The Dow Jones Industrial Average

Dow

The Dow is not at an all-time high – but very near.  Despite Covid [Madness] investors are up even on a one-year basis – the Dow is higher than this time last year.    Over a five-year period, from August 2015, the market as a whole is up from 16,500 to 27,200 – up 65%.  That is a net gain of 13% per year which is a very good return on investment.

The S&P 500

SnP

The S&P 500 is at an all-time high.  In August 2015, it was 1,972, today it finished at 3,327.  Over this last five years it has gained 69%, about 13.8% per year, a bit better than the Dow Jones.

The NASDAQ Composite

NASDAQ

The NASDAQ is the big winner.  It has risen from 4,776 to 10,998  —  a whopping 130% over five years.  That’s a gain of  26% per year.

The idea that the Worldwide Covid Lockdown has crashed U.S. stock markets  is simply not true. There has been no stockmarket crash in response to the pandemic which has barely affected U.S. stock markets, after the initial shock.  Quite to the contrary, two out of three are at all-time highs, and all three major U.S. stock markets  have been supplying terrific return-on-investment on price-value alone (even without considering dividends).  Your well-diversified pension fund and your well-diversified personal portfolio is safe, healthy and doing well at the moment.

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Author’s Comment:

It never hurts to have a little good news.  Good financial news is particularly nice when so many depend on their savings and investments.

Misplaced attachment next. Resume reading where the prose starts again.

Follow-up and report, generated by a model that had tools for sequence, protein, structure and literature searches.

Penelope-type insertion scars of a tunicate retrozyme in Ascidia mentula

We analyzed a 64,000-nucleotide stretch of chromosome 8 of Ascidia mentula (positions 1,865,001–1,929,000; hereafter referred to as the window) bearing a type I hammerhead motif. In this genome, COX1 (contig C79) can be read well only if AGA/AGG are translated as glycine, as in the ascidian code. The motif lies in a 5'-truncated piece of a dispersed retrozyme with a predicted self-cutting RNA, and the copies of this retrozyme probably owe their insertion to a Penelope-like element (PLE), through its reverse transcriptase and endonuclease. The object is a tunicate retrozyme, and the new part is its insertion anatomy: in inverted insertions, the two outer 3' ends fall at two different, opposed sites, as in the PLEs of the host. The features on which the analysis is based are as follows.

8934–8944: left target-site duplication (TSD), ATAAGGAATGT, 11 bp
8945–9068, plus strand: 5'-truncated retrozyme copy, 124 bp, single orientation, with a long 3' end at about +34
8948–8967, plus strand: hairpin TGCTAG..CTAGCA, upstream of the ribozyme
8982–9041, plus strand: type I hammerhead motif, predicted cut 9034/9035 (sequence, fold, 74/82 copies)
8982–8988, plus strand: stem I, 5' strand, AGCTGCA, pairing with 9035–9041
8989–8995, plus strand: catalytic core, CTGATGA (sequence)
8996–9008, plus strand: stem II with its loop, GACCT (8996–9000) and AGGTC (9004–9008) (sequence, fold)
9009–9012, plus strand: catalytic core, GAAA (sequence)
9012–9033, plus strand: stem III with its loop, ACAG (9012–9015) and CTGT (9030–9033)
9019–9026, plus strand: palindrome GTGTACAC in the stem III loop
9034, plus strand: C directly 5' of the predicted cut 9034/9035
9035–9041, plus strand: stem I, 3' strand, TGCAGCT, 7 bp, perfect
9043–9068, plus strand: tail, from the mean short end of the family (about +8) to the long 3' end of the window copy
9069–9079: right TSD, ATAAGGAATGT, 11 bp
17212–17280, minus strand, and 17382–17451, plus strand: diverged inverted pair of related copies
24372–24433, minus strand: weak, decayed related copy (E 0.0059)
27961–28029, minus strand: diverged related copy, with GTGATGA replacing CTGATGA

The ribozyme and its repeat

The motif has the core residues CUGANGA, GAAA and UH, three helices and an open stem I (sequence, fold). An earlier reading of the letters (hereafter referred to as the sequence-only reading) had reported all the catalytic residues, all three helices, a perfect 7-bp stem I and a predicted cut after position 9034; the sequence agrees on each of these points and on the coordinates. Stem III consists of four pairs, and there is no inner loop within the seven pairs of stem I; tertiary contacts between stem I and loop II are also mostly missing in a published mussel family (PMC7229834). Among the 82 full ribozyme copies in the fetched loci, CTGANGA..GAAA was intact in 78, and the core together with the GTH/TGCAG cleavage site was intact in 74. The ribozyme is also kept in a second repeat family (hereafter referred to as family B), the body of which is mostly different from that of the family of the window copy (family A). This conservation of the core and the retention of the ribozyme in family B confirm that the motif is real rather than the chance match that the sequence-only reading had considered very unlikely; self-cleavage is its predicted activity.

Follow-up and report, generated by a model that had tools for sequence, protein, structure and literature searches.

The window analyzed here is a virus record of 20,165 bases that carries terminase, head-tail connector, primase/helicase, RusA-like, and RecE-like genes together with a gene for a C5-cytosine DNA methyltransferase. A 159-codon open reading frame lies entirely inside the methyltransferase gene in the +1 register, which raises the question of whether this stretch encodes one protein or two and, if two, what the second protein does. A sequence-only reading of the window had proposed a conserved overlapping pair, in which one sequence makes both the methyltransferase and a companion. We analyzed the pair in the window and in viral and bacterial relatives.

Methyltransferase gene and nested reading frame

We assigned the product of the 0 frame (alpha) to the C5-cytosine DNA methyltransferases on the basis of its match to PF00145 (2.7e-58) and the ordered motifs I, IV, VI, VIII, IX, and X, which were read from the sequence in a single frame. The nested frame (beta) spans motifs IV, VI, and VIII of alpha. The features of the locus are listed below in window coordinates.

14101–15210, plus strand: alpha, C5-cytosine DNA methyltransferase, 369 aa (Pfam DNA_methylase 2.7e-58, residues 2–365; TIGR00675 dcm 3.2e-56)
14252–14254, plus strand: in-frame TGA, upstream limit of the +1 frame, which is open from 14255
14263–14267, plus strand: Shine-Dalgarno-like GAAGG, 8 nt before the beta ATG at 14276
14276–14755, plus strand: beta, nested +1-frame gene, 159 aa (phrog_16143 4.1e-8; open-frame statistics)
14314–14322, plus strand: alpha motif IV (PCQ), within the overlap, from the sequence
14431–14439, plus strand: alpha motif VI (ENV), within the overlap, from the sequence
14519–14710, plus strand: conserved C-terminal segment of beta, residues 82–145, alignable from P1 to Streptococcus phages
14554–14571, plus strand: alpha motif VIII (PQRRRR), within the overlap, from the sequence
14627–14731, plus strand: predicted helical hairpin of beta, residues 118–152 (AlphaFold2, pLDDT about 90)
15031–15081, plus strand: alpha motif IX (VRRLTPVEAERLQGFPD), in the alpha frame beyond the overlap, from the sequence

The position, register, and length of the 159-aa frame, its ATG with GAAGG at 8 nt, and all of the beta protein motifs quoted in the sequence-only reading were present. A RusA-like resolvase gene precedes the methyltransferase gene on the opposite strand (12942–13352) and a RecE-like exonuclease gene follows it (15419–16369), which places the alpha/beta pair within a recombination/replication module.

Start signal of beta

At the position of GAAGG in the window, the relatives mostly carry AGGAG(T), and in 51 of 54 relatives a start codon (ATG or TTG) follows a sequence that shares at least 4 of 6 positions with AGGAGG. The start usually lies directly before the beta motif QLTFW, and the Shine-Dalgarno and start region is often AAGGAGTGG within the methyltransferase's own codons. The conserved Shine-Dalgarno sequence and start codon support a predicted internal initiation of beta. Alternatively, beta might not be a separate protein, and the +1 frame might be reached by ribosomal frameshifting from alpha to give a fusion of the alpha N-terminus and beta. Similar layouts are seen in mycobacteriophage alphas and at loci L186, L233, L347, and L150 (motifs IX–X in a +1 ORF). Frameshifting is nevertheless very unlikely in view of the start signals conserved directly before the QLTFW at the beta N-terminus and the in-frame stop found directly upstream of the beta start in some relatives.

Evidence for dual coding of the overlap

Reader’s who wish to insist that things are worse-than-we-thought are free to do so, and I won’t argue.   The crimes that have been committed against small and family-owned businesses by our political leaders who have been consummed by Covid-Madness are simply beyond anything I would have ever imagined, even as a young 1960s university antiwar revolutionary.  I would have been less shocked to see concentration camps for radical dissidents.

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August 6, 2020 at 05:05PM

Data Update Shows Orwellian Climate Science

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Even if so-called greenhouse gases were a climate problem, CO2 is only a very minor player compared to water vapour, and human-caused CO2 is only a small fraction of total atmospheric CO2. So what problem do we think we can solve?

Science Matters

Climate science is unsettling because past data are not fixed, but change later on.  I ran into this when I set out to update an analysis done in 2014 by Jeremy Shiers, which I discussed in a previous post reprinted at the end.  Jeremy provided a spreadsheet in his essay Murray Salby Showed CO2 Follows Temperature Now You Can Too posted in January 2014. I downloaded his spreadsheet intending to bring the analysis up to the present to see if the results hold up.  The two sources of data were:

Temperature anomalies from RSS here:  http://www.remss.com/missions/amsu

CO2 monthly levels from NOAA (Moana Loa): https://www.esrl.noaa.gov/gmd/ccgg/trends/data.html

Uploading the CO2 dataset showed that many numbers had changed (why?).

The blue line shows annual observed differences in monthly values year over year, e.g. June 2020 minus June 2019 etc.  The first 12 months (1979) provide the observed starting values from which differentials are calculated. …

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via Tallbloke’s Talkshop

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August 6, 2020 at 04:39PM